A+ A A-

Hiring a Contractor

Hiring a contractor to do a home renovation can be a challenging exercise, especially for older adults. And, because you’re trusting them to the job right, on time and on budget, you need to do your research before signing the contract.


Before You Start

Write a description of the work you would like done, providing as much detail as possible.


Obtain zoning approval (if required).


Finding a Contractor

Check with friends and neighbours for recommendations.


Check with local building materials suppliers or hardware stores.


Consult with the local home builders' association.


Make Sure the Contractor is Licensed to Work in Your Area, Bonded, and Insured

Check with the Better Business Bureau for complaints against any firm you are considering hiring.


Ask for a reference (past customers) and see if you can see their work.


Get at least three bids to be sure you are paying a fair price.


Remember that the lowest bid is not always the best. A very low bid may mean the contractor doesn't know enough about the work to estimate it properly.

 

Your Safety, Security and Comfort

For your own safety and security, find out who will be doing the work. If you don't want the workers showing up before a certain time or staying past a certain hour, let them know. If you don’t want them using your bathroom, tell the contractor and make certain he agrees with those terms.


Check for “Construction Liens”
It is possible that a contractor who has been paid but has not paid his sub trades or suppliers may result in those sub trades or suppliers placing a lien put against your house for that non-payment.


The Contract
Make sure you have a written contract that fully describes the work you want to have done, the price to be paid for doing it, and the start and completion dates of the project. Unwritten assurances are not binding.


Don't sign the contract unless you agree that it contains everything that you have been promised.


Financial Support

The Home Adaptations for Seniors’ Independence (HASI) program offers financial assistance up to $3,500 for minor home adaptations that will help low-income seniors to perform daily activities in their home independently and safely.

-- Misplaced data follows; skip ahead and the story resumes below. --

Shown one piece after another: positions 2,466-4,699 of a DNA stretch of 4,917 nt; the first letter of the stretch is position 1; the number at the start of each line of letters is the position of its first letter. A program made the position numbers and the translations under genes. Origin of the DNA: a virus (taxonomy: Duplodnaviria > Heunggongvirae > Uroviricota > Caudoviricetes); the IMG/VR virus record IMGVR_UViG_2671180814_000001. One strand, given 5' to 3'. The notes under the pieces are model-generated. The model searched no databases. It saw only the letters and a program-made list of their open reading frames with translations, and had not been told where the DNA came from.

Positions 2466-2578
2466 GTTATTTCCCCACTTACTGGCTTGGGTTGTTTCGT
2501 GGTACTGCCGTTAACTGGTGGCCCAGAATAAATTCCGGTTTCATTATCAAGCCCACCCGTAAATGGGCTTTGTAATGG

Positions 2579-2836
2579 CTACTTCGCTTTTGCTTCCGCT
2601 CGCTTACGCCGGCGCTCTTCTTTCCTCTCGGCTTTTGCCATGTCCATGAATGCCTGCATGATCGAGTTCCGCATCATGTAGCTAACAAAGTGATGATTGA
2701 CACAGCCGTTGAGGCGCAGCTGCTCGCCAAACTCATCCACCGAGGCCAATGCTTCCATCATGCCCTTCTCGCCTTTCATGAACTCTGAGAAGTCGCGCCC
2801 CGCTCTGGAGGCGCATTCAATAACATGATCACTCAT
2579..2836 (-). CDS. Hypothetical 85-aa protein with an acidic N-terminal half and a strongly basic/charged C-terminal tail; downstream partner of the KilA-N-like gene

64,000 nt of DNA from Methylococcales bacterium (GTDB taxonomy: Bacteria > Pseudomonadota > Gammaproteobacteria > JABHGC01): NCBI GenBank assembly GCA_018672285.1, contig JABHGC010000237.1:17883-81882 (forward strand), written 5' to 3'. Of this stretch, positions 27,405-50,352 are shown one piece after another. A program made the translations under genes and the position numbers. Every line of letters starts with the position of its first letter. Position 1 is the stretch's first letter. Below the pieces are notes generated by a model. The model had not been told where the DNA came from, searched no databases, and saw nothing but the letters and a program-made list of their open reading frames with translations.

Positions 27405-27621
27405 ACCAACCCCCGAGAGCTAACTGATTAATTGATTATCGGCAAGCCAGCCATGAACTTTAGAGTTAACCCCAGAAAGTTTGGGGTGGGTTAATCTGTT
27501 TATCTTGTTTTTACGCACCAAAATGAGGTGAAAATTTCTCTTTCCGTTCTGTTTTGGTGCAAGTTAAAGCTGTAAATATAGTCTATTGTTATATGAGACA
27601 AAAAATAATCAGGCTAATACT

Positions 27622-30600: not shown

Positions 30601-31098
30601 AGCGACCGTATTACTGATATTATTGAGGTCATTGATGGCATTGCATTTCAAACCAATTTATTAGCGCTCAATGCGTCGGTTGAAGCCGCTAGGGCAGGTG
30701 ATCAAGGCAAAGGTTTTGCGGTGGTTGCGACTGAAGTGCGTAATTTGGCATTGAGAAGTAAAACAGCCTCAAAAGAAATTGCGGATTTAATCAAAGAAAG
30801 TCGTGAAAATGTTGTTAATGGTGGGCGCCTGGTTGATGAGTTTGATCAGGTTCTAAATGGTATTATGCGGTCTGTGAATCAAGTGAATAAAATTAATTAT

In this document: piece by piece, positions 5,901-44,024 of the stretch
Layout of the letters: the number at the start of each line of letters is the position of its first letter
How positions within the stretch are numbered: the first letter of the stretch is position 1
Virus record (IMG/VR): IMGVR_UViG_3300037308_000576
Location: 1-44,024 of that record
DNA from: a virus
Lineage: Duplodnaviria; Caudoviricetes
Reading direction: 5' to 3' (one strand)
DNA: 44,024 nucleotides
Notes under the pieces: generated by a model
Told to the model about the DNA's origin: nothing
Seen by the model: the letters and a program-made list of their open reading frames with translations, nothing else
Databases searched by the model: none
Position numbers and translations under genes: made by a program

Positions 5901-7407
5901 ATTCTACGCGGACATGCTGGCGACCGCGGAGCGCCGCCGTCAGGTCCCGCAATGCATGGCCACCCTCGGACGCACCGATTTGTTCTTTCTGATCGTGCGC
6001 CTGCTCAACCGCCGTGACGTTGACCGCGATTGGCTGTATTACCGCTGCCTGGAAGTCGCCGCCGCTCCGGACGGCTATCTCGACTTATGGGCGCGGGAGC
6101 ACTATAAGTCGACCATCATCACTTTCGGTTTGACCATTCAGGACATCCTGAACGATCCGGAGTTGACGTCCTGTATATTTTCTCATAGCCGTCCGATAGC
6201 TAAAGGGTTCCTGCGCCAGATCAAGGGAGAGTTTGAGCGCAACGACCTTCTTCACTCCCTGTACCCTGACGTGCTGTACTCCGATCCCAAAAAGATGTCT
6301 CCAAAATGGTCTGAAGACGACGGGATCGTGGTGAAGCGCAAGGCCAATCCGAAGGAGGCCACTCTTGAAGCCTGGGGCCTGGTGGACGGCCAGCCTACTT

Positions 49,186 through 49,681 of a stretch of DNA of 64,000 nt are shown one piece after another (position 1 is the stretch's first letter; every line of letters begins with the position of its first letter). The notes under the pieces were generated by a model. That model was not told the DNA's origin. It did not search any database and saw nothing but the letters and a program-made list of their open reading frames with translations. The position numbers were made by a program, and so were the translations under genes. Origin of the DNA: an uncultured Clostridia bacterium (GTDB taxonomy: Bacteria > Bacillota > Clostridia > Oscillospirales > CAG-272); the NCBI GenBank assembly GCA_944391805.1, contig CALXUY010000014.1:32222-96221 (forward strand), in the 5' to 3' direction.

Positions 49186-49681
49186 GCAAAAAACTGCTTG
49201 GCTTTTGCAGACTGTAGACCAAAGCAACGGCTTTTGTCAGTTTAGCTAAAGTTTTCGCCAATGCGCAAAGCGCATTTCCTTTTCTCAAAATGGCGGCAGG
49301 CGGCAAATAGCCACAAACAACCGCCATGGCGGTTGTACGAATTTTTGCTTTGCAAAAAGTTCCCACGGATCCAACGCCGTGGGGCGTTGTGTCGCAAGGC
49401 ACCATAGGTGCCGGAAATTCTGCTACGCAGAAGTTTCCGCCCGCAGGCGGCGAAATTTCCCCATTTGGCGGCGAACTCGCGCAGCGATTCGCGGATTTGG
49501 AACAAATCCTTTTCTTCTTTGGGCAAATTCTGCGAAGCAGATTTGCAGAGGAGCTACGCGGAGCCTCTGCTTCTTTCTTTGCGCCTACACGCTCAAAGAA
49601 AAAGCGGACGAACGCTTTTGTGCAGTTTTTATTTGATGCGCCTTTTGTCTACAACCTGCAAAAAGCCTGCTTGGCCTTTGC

To qualify, the occupant must be 65 years of age or over and have difficulty with activities of daily living, the total household income is at or below the program income limit for the area and the home is a permanent residence.


Examples of eligible adaptations are handrails in hallways, easy-to-reach work and storage areas in the kitchen, lever handles on doors and grab bars in the bathroom. They must be pre-approved by CMHC to be eligible.


Supportive care and portable aids, such as walkers and household appliances, are not eligible.


Related Articles

  • Home Adaptations for Senior Safety

    The majority of seniors wish to continue to live in their own homes for as long as possible.  However, many homes are not designed to meet their changing needs as…   more ]
  • Home and Safety

    Home and Safety If you’ve decided that staying in your own home is best for you, the Care Guide strives to provide you with some resources to help make sure…   more ]
  • Home Safety Checklist

    Solutions For Better Aging Home Safety Checklist for seniors is a tool for caregivers to assess possible hazards and functional performance within the home environment.  It allows them to initiate…   more ]
  • Building an accessible bathroom for the elderly or disabled

    There is a lot to take into consideration when planning an accessible bathroom.   Ultimately, everything is secondary to these two primary goals: 1.  Making the bathroom experience safer 2.  Making…   more ]
  • Caring for a Wandering Alzheimer's Person at Home

    Wandering around the house by a person with Alzheimer's may be irritating to the caregiver, but not necessarily unsafe.  In this case, you as caregiver, may need to adjust your anxiety…   more ]
  • Falls and Fall Prevention in the Home

    Falls are the leading cause of fractures, injury and deaths among persons over the age of 65.  The prevention of falls greatly improves the chances of staying at home.  Falls…   more ]
  • Fire Safety in the Home

    Fire safety is a crucial issue for seniors who choose to live in their own home.  Those caring for aging loved ones who wish to remain at home, need to…   more ]
  • Safety-proofing Your Home for Alzheimer's Care

    Here are some things you can do - booth inside and outside the home to make it easier for a person with memory care issues to continue daily activities, to…   more ]